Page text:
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Control selection methods in recent case-control studies conducted as part of infectious disease outbreaks.

Authors
  • A, Waldram
  • C, Mckerr
  • M, Gobin
  • G, Adak
  • Josh Stuart
  • P, Cleary
Type
Published Article
Journal
European Journal of Epidemiology
Publisher
Springer-Verlag
Volume
30
Issue
6
Pages
465–471
Identifiers
DOI: 10.1007/s10654-015-0005-x
Source
UCSC Cancer biomedical-ucsc
License
Unknown

Abstract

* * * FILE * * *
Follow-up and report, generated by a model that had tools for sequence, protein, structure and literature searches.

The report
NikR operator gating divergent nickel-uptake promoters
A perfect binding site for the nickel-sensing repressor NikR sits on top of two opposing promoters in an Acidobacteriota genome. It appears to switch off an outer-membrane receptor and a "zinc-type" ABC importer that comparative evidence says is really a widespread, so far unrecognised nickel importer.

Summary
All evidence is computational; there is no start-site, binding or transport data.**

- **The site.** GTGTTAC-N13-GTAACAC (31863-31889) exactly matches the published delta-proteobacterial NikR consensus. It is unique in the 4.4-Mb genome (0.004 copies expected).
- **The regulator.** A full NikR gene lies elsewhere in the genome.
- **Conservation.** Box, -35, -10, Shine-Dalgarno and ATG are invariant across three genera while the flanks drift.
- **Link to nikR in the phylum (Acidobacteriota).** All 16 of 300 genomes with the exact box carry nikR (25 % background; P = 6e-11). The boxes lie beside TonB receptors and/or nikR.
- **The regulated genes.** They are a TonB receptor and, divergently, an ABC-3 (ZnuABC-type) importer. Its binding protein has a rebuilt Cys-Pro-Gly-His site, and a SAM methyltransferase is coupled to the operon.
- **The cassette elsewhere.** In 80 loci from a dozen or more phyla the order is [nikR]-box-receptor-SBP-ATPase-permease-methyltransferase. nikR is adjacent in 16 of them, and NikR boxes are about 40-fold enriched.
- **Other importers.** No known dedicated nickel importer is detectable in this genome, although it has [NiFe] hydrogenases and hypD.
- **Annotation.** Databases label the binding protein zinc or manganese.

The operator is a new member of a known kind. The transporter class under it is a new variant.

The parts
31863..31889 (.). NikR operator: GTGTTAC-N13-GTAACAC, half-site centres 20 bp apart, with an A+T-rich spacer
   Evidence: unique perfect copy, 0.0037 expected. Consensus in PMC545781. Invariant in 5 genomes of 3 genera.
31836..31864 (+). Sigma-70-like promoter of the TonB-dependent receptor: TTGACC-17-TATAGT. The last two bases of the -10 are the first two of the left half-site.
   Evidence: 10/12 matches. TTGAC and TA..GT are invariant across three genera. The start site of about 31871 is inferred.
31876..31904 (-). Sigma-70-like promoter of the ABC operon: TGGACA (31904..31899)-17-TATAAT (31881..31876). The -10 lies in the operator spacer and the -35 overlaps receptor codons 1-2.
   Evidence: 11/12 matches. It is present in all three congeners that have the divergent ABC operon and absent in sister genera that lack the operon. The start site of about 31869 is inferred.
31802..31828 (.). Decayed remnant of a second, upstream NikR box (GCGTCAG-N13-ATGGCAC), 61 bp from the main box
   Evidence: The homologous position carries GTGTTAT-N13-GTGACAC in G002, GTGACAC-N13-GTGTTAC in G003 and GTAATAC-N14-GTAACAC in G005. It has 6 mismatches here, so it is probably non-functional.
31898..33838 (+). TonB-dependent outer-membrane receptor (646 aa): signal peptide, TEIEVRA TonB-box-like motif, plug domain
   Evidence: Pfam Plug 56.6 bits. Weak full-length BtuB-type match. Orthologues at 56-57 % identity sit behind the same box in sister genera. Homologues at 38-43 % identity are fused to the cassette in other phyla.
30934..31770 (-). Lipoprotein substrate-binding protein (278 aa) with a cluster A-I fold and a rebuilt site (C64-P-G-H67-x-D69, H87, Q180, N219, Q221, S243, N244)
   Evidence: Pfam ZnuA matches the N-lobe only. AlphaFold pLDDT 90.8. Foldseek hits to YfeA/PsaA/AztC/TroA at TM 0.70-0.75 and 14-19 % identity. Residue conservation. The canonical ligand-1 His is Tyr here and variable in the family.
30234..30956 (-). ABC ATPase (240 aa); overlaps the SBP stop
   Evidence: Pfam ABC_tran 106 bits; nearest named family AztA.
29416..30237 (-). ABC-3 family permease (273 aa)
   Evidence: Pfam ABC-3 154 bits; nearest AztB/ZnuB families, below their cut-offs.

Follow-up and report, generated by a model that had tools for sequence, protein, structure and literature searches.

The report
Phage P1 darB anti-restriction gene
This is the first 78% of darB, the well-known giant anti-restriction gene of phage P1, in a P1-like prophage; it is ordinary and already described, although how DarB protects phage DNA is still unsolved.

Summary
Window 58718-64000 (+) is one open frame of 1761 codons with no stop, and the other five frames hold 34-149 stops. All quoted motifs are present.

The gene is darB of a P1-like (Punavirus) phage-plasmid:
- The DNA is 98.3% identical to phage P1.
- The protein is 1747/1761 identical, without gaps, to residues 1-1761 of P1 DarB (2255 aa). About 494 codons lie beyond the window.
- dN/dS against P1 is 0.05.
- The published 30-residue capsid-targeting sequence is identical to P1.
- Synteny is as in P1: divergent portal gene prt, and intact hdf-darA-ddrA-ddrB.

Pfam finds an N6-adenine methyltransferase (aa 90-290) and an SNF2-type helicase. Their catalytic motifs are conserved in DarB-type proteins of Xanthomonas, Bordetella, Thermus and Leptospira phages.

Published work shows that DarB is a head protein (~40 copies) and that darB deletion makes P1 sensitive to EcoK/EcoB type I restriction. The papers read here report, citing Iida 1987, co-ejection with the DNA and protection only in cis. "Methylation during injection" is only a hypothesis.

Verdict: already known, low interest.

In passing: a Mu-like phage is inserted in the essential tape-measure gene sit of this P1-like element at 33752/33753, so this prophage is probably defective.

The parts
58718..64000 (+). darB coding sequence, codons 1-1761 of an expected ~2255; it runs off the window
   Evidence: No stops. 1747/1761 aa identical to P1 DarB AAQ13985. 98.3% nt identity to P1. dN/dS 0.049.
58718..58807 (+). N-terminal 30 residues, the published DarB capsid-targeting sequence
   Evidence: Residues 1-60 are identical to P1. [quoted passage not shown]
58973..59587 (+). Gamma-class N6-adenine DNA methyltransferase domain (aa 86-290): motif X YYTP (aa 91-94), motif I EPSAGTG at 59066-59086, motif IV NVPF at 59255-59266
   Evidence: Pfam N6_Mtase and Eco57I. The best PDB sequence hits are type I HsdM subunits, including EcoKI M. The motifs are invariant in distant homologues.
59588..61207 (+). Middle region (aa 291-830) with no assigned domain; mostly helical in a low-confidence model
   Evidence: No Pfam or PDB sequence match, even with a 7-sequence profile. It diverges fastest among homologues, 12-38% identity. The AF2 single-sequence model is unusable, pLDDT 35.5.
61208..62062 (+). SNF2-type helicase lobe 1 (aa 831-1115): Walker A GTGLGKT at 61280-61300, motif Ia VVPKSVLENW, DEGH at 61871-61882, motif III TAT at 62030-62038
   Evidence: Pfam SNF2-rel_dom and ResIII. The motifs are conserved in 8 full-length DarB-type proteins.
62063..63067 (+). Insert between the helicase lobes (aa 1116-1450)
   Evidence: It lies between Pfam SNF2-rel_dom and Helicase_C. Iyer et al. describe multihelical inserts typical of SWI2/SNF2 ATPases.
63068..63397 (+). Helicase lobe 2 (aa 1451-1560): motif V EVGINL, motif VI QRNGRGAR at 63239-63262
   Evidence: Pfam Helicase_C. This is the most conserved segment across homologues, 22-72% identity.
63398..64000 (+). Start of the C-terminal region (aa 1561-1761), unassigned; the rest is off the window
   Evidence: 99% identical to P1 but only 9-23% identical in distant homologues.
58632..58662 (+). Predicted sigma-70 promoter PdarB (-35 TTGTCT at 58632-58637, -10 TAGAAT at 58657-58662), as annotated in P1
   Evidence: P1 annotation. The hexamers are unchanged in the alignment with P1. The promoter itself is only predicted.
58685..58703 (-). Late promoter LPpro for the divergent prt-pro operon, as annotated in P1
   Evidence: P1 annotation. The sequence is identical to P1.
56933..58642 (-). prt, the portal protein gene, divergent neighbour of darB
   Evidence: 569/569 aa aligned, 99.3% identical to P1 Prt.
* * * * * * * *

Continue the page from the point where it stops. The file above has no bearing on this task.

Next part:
Successful investigation of national outbreaks of communicable disease relies on rapid identification of the source. Case-control methodologies are commonly used to achieve this. We assessed control selection methods used in recently published case-control studies for methodological and resource issues to determine if a standard approach could be identified. Neighbourhood controls were the most frequently used method in 53 studies of a range of different sizes, infections and settings. The most commonly used method of data collection was face to face interview. Control selection issues were identified in four areas: method of identification of controls, appropriateness of controls, ease of recruitment of controls, and resource requirements. Potential biases arising from the method of control selection were identified in half of the studies assessed. There is a need to develop new ways of selecting controls in a rapid, random and representative manner to improve the accuracy and timeliness of epidemiological investigations and maximise the effectiveness of public health interventions. Innovative methods such as prior recruitment of controls could improve timeliness and representativeness of control selection.

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